department superintendent and later a vice-president with Puget Sound Power & Light (Puget Sound Energy).
featuring news throughout the southeast. *''To Do'', a weekly publication featuring current events. Radio AM stations
(Rhythmic oldies) *WRCG 1420 (News (News radio), Talk (Talk radio)) *WHAL (WHAL (AM)) 1460 (Sports (Sports radio)) *WTLM 1520 (Oldies) *WIOL (WIOL (AM)) 1580 (Sports (Sports radio)) FM stations
Broadcasting Company ABC ) **9.2 WTVM-DT2 (AccuWeather (The Local AccuWeather Channel)) *WWCG (White Springs Television) 11, White Springs Media (White Springs Television) (WSTV (White Springs Television)) *WYBU (WYBU-LP) 16, Christian Television Network (CTN (Christian Television Network)) *WACS (WACS-TV) 25, Georgia Public Telecommunications Commission (Georgia Public Broadcasting) (GPB (Georgia Public Broadcasting), Public Broadcasting Service PBS
of Georgia (Georgia (U.S. state)) as '''Cedartown'''. An influx of industrial business bolstered the largely cotton-based economy of Cedartown, with Goodyear and other fabric mills and iron works appearing in or near what is now the Cedartown Industrial Park on the west side of town. Industrial and passenger railroad (rail transport) service was added to Cedartown in the early 20th century. Main St. became a part of U.S. Highway 27, a major north-south automobile route that connects Cedartown
channel 8 as a frequency, though it was reclassified as a non-commercial facility, clearing the way for the University of Georgia's Athens-based educational station, WGTV (which, years later, relocated to Atlanta.) Columbus, Georgia NBC affiliate WDAK TV 28 (WTVM) was able to move to VHF channel 9, while Dothan, Alabama CBS (CBS Television Network) affiliate WTVY (WTVY (TV)) moved from channel 9 to the more desirable channel 4 and Columbus (Columbus, Georgia) CBS affiliate WRBL
Daily Enquirer'', November 1, 1916. In the 19th and early 20th centuries, "War Eagle" appeared from time to time in the United States as an evocative nickname for people and things such as Native Americans (including professional wrestlers); race horses; a U.S. civil war mascot (Old Abe); and, in one case, a coal mine interest. "War Eagle" was written in 1954 and 1955 by New York songwriters Robert Allen (Robert Allen (songwriter)) and Al Stillman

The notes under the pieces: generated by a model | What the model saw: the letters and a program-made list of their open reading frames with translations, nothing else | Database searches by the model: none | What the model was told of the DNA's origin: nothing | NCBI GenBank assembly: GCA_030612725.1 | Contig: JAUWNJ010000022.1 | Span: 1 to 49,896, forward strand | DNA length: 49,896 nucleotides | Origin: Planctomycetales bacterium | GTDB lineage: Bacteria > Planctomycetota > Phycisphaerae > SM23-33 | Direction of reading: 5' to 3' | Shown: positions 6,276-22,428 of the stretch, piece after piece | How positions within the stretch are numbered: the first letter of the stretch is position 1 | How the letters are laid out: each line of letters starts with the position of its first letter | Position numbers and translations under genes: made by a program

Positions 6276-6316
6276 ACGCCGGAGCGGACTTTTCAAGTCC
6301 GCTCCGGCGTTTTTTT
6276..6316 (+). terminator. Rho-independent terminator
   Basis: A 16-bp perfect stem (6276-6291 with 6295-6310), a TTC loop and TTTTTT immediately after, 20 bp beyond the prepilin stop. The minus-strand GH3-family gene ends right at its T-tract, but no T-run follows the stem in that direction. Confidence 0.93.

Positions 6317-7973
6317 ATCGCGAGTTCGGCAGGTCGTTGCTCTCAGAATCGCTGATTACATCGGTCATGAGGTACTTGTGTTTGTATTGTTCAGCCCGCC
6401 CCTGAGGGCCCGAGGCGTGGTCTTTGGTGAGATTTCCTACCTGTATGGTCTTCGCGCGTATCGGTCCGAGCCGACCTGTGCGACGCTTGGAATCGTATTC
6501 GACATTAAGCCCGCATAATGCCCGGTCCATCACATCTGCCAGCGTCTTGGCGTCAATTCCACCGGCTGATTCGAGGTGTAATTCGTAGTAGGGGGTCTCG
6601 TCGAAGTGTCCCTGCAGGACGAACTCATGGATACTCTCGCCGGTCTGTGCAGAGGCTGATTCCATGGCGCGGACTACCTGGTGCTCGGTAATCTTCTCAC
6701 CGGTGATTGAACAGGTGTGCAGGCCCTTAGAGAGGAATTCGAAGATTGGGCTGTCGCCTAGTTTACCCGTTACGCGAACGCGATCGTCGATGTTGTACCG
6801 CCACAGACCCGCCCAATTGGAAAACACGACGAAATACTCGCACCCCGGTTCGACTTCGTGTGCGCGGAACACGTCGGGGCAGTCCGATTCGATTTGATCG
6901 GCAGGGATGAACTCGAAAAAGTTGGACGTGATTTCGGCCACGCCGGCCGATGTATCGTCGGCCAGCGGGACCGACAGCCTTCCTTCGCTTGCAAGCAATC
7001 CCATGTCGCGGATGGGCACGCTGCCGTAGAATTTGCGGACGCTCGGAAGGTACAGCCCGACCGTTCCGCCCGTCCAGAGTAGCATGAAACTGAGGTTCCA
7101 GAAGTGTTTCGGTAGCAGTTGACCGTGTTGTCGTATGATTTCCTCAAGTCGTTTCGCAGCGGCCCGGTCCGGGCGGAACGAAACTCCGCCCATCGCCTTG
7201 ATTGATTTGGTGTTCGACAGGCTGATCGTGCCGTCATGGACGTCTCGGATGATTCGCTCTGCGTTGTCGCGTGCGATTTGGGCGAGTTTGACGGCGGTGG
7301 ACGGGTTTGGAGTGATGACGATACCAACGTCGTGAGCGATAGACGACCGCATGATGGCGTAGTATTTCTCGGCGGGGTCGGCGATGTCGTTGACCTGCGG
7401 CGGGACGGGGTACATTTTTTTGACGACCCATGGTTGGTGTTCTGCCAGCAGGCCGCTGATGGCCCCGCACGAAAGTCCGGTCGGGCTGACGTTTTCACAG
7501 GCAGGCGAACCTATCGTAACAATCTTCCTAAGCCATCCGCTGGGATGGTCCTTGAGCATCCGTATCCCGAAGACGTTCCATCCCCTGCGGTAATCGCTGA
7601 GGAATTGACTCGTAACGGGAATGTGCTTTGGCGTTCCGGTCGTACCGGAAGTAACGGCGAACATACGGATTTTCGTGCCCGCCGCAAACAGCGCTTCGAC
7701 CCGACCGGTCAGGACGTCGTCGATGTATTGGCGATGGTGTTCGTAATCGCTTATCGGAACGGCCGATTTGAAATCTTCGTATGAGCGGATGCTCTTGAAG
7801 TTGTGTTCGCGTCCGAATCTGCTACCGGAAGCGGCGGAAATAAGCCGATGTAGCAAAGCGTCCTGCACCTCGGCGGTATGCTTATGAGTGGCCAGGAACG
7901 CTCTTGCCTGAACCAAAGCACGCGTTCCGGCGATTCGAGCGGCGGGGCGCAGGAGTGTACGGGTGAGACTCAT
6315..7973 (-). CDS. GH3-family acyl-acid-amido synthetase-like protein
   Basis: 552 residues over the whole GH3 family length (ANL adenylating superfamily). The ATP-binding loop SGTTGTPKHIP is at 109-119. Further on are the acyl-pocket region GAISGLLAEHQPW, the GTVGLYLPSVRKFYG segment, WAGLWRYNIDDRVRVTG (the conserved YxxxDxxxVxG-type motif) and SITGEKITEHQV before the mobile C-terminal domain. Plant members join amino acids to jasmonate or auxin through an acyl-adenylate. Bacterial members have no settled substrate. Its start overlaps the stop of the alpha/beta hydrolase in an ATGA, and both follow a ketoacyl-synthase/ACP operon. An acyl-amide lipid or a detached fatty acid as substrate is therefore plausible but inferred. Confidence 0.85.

for its payroll deduction insurance coverage, which pays cash benefits when a policyholder has a covered accident or illness. The company states it insures "one of four Japanese households" and is "the largest life insurer in Japan in terms of individual insurance policies in force". Corporate press release 29 July 2004 Aflac is also well known for its supplemental medical policies. History The company was founded by three brothers, John, Paul and Bill Amos, in Columbus (Columbus, Georgia), Georgia (Georgia (U.S. state)), in 1955, as American Family Life Insurance Company of Columbus. In 1964, the company name was changed to American Family Life Assurance Company of Columbus. thumb right Douglas DC-9-15 of Southern Airways at Atlanta, Georgia, in October 1973 (Image:Douglas DC-9-10 N92S Southern ATL 06.10.73.jpg) By 1971, Southern was operating flights into New York City and Chicago and as far south as Orlando (Orlando, Florida) and Miami. Because U.S. government regulation of airline routes (U.S. government role in civil aviation) prohibited Southern from operating flights from New York or Washington, D.C. nonstop to Atlanta, an unusual route developed which provided multiple daily flights from New York and Washington nonstop to Columbus, Georgia, then on to Dothan, Alabama; Mobile, Alabama; Panama City, Florida, Eglin Air Force Base, Florida; and or Gulfport (Gulfport, Mississippi) Biloxi, Mississippi. Southern remained a regional airline in character, and flights with up to five or six stops were frequently found in their published schedules. Biography Mockbee was born in Meridian, Mississippi. He served two years in the U.S. Army as an artillery officer (Officer (armed forces)) at Fort Benning, Georgia. He enrolled at Auburn University and was graduated from the School of Architecture in 1974. Mockbee interned (internship) in Columbus, Georgia before returning to Mississippi in 1977, where he formed a partnership with his classmate and friend, Thomas Goodman. *Augusta (Augusta, Georgia) - WAGT 26 *Columbus (Columbus, Georgia) - WLTZ-TV 38 *Macon (Macon, Georgia) - WMGT-TV 41 During 2003, Evans acted in the MTV (MTV Films)-produced romantic comedy ''The Fighting Temptations'' in which she appeared in a brief but major role portraying a single mother and night club singer. DATE OF BIRTH September 22, 1891 PLACE OF BIRTH Columbus (Columbus, Georgia), Georgia (Georgia (U.S. state)), U.S. (United States) DATE OF DEATH February 24, 1978